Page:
Parenting is no easy task, and when you factor in managing social anxiety as a parent, the challenges can be both unique and daunting. Trying to cope with your own anxiety while trying to show up in life for your child might feel overwhelming. Attending sporting events, school functions, doctor’s appointments, play dates, birthday parties, engaging in parent-to-parent interactions, and being in crowded places are just some scenarios that are all too common in life as a parent. However, engagement in these types of situations can trigger feelings of anxiety and cause significant discomfort for those suffering from social anxiety. As a parent, you might even experience feelings of guilt stemming from inability or limited ability to participate in certain activities with your children. You might also experience worry about the impact your anxiety is having on your children. However, being a parent with social anxiety does not make you a bad or less capable parent. It just means that you have to find adaptive ways to cope with your symptoms, and reframe perceived weaknesses as strengths. Below are some things to keep in mind if you are a parent living with social anxiety.
Understand How Anxiety Can Impact Your Child’s Development
When our kids encounter new and difficult experiences, it can be hard for any parent to decide when to push them to engage, how to appropriately support their engagement, when to pull back and allow exploration, and when to allow escape or avoidance of a situation. These decisions can be even more complex for socially anxious parents because of the pull to avoid anxiety-provoking situations. It is important that children be encouraged to take healthy risks and to figure out their capabilities and preferences on their own terms. This is where management of your own anxiety is imperative, so that your anxiety does not dictate these types of parenting decisions or create limitations for your children. Parents with social anxiety likely have their own social limitations and fears, but this does not have to translate into circumscribed experiences for your children. Maybe socializing in large groups is hard for you, but you want your children to grow comfortable in these situations. Rather than declining the birthday party invitation, drop your kids off or have them attend with your spouse or other trusted adult. Be mindful not to shield your children from certain experiences, just because your own anxiety is triggered.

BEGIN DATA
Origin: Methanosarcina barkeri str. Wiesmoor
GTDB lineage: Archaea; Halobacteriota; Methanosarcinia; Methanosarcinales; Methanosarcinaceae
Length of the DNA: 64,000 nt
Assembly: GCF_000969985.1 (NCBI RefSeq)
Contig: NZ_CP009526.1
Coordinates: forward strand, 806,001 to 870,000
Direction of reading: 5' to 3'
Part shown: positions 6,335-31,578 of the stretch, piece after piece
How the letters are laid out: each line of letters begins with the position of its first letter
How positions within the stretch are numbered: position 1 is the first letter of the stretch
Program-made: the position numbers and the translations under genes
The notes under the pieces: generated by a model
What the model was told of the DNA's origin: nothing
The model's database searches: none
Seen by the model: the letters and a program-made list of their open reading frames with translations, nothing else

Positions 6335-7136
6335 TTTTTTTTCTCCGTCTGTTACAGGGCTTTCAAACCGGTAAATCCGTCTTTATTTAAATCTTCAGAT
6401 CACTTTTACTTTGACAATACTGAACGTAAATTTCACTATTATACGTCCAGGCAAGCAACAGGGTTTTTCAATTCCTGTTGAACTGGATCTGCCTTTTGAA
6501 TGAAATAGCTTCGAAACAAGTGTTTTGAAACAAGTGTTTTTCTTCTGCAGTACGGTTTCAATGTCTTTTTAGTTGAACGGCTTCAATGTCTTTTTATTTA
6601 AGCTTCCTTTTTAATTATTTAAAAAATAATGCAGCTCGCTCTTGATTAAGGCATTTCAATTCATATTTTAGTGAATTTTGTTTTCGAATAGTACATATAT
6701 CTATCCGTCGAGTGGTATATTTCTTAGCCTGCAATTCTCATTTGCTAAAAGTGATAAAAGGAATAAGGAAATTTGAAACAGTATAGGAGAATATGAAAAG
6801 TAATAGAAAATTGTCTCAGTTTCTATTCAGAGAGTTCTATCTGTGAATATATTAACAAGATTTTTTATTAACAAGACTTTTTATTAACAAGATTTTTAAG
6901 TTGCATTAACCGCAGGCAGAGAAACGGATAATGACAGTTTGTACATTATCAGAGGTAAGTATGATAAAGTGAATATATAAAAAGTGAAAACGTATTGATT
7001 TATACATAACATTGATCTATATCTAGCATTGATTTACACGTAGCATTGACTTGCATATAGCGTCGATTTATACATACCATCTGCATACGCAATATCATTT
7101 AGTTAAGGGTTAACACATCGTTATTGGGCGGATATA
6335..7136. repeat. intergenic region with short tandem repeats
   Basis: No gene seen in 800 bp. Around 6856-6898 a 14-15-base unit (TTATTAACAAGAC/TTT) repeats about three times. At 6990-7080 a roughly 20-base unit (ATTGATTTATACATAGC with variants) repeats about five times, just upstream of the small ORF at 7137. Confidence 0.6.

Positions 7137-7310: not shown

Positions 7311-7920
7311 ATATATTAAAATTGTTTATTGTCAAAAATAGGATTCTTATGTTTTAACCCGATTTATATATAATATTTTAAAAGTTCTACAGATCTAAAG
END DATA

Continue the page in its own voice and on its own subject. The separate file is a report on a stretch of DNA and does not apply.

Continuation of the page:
Be Honest and Discuss Healthy Coping Skills
Children are perceptive and observant and even if they lack the vocabulary and/or knowledge to label your anxiety, they are likely aware of your social anxiety and its various manifestations. It could be helpful to be honest with your children about your triggers and symptoms, in a developmentally appropriate manner. This may decrease your children’s worry when observing your anxiety symptoms, and help them to feel useful if they know what to do to help you calm down. Being honest about your own mental health struggles with your kids, in a way that they can understand, not only helps to de-stigmatize mental illness but also teaches them it is healthy to take charge of your mental health. In this way, parents can help model healthy ways to cope with stress and anxiety, so that children can learn how to manage their own stressors as they may arise. Skills like breathing exercises, meditation, journaling, and grounding are easily taught, modeled, and practiced with your children.
Accept Your Limitations, but Get Out of Your Comfort Zone